• Softomotive has pre-built connectors with enterprise applications such as Java, Oracle, Salesforce, SAP, Siebel, and mainframes, and support for major browsers such as Chrome, Firefox, and IE, making it easier to automate tasks that involve these applications
    • Pre-built integrations with complementary capabilities such as cognitive/AI services from ABBYY, Google, IBM Watson, and Microsoft
  • An installed base of over 9,000 clients and recognition as a mainstream RPA player

What the acquisition means for the market

This acquisition validates the RPA space and reinforces the point that RPA will stick around for much longer than some have been predicting. It’s a big moment for the RPA market as a whole and could accelerate technology maturity, awareness, adoption, and development of RPA skills. It could drive or accelerate key market trends:

  • Consolidation/M&A activities – RPA is becoming a critical component of the enterprise software ecosystem for driving digital adoption and automation. In the last couple of years, we’ve seen multiple acquisitions such as Appian/Jidoka, Blue Prism/Thoughtonomy, Nintex/Foxtrot, and SAP/Contextor. These deals demonstrate that entry into this space isn’t very expensive, as there are many small RPA vendors with good offerings. This latest deal could encourage acquisition of RPA capabilities by other tech giants, BPM, and ERP companies in the coming months to offer a more holistic solution to their clients. On the flip side, just as UiPath did with its acquisitions of Step Shot and ProcessGold, there could be more instances of big RPA companies acquiring complementary capabilities to expand the scope of their solutions and increase their value propositions
  • Democratization of RPA – Microsoft products are used by most knowledge workers around the world. By making RPA another tool in its list of its Power products, Microsoft could accelerate the democratization of RPA and the concept of citizen developers. Because Microsoft Power Automate is available at much lower than the median pricing, other vendors will feel pressure to reduce their prices. To accelerate its adoption, it could also offer its RPA bundled with other Microsoft products without additional cost, making RPA more affordable and its business case more lucrative for organizations of all sizes. This move could accelerate RPA adoption among small and medium-sized businesses, where adoption has been growing at a relatively slower pace. Access to RPA as a plug-in directly from Microsoft’s products such as Excel, Outlook, Teams, Dynamics, and SharePoint would make it easy for business users to automate repetitive tasks. Instances of RPA being sold as a commodity are gaining momentum, and this could further accelerate that trend

What the acquisition means for other RPA vendors

With Microsoft going all-in on RPA with this acquisition, other RPA vendors will need to up their game to remain competitive. Microsoft will be able to deliver RPA that’s tightly and seamlessly integrated with its vast suite of business applications. To combat this move, other vendors will have to position themselves as specialists and best-of-breed providers of enterprise automation capabilities. Also, going forward, growth may elude pure-play RPA vendors; in order to thrive, they will have to either invest in other complementary areas such as AI and process mining, or be acquired. Note that today, most RPA players, including the big three, are offering complementary products in addition to RPA.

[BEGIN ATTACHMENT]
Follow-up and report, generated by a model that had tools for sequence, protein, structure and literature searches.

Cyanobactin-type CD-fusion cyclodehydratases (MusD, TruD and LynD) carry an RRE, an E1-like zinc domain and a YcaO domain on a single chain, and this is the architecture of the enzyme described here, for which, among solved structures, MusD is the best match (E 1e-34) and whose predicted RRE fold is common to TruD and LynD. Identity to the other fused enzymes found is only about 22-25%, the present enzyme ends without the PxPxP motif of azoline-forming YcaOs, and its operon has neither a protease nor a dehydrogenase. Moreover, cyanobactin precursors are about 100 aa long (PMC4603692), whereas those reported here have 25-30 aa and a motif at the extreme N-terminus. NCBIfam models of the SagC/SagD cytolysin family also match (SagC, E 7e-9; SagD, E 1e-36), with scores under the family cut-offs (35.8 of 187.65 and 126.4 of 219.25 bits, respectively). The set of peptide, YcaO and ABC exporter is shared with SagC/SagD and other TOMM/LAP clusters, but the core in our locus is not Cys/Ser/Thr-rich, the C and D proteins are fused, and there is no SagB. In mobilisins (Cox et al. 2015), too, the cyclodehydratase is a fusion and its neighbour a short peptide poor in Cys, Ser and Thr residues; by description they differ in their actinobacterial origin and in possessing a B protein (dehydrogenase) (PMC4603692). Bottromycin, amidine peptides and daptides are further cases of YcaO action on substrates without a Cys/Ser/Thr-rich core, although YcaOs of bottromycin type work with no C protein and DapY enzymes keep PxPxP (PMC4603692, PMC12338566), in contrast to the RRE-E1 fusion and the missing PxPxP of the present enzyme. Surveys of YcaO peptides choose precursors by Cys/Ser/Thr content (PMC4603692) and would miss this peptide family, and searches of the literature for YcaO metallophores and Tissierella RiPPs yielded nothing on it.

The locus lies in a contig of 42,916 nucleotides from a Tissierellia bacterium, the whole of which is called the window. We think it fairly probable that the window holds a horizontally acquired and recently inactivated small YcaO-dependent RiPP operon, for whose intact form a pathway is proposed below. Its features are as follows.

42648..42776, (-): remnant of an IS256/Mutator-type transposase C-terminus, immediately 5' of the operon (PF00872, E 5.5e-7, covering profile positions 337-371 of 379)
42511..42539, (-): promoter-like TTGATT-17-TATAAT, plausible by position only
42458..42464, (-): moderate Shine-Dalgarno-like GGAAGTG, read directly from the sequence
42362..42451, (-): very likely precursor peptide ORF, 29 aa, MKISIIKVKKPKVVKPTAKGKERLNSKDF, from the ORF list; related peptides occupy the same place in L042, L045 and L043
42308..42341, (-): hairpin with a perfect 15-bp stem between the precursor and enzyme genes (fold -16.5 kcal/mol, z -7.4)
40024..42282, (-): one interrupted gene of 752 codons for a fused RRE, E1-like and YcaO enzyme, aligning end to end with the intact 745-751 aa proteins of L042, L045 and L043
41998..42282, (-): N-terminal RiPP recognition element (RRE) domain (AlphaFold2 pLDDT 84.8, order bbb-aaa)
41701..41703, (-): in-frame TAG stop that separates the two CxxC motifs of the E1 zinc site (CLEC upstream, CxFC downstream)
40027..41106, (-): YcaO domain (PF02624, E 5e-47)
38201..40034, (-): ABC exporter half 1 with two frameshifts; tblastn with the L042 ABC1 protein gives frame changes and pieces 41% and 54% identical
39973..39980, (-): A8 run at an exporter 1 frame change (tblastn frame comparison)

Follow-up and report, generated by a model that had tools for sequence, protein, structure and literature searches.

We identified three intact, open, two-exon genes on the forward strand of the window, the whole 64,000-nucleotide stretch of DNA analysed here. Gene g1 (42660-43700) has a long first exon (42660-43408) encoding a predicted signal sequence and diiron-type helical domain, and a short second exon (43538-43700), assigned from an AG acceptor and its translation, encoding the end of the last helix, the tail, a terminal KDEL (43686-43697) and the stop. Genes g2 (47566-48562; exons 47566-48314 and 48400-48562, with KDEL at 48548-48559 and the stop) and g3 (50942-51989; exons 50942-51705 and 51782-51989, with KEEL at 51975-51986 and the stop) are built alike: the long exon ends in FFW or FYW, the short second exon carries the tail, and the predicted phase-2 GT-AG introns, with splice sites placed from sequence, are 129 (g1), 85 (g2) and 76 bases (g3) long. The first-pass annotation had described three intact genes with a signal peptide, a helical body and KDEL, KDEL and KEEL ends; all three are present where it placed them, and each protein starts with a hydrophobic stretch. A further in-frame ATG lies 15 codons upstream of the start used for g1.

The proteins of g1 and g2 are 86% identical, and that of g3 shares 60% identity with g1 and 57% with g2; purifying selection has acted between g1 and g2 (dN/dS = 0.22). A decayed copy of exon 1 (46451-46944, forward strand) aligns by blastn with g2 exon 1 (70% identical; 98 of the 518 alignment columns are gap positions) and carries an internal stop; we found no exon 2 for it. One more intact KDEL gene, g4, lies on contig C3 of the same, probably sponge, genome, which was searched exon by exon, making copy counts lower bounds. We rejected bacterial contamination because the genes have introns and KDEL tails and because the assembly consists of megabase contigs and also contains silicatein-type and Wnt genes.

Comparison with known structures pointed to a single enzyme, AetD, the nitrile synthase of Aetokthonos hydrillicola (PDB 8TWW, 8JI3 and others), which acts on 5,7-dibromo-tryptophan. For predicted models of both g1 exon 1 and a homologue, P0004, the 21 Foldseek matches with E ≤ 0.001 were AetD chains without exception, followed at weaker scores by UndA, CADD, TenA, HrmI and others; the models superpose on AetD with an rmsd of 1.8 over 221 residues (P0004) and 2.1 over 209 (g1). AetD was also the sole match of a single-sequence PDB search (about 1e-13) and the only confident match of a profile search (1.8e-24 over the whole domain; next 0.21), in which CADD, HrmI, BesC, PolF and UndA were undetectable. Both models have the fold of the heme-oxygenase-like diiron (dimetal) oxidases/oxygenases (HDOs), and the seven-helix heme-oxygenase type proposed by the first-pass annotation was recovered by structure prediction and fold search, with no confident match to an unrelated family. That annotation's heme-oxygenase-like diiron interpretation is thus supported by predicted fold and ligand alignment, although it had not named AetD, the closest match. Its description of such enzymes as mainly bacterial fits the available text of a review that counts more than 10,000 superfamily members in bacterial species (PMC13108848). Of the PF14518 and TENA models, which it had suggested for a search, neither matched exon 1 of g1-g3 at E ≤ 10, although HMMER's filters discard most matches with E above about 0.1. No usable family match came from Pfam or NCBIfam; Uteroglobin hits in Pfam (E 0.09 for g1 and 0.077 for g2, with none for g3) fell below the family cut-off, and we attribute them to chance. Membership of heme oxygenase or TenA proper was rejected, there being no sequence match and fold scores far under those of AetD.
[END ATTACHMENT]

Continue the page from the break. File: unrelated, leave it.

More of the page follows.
Additionally, Microsoft has deep integration, joint functionality development, and go-to-market partnerships with big RPA vendors including Automation Anywhere, Blue Prism, and UiPath. These partners also contribute to Microsoft’s revenue through collaborations, such as Azure, and it’s likely that those partnerships will continue, and clients will be given flexibility to choose, as co-opetition it is becoming quite common in the enterprise software space. For example, UiPath acquired a process mining vendor, ProcessGold, but has maintained its partnership with Minit. Similarly, Blue Prism announced an Intelligent Document Processing (IDP) solution called Decipher, but has maintained its partnership with ABBYY.

Other things to watch out for

It will be interesting to see how well Microsoft is able to leverage this investment. It could take the company up to a year to come up with its integrated RPA offering and embed Softomotive at a technical level across its suite of software products. In the meanwhile, Microsoft has made WinAutomation available for free to all of its Power Automate customers. However, it remains to be seen how Microsoft plans to leverage Softomotive’s ProcessRobot and Robin. Some say Microsoft gets it right the third time. Flow was Microsoft’s first attempt at RPA, Power Automate was its second, and Softomotive is its third. So, will the third time be the charm for Microsoft?

Going forward, Microsoft could follow on with more acquisitions in other automation areas such as Intelligent Document Processing (IDP), Intelligent Virtual Agents (IVA), process mining, and analytics to further establish itself in the intelligent automation space. An indication of this possibility is Microsoft’s late 2019 launch of Power Virtual Agents, a chatbot/IVA offering that’s based on its Bot Framework. Might IVA be the next area where Microsoft could make an acquisition, perhaps of one of the 16 IVA software vendors we assessed as part of IVA Products PEAK Matrix?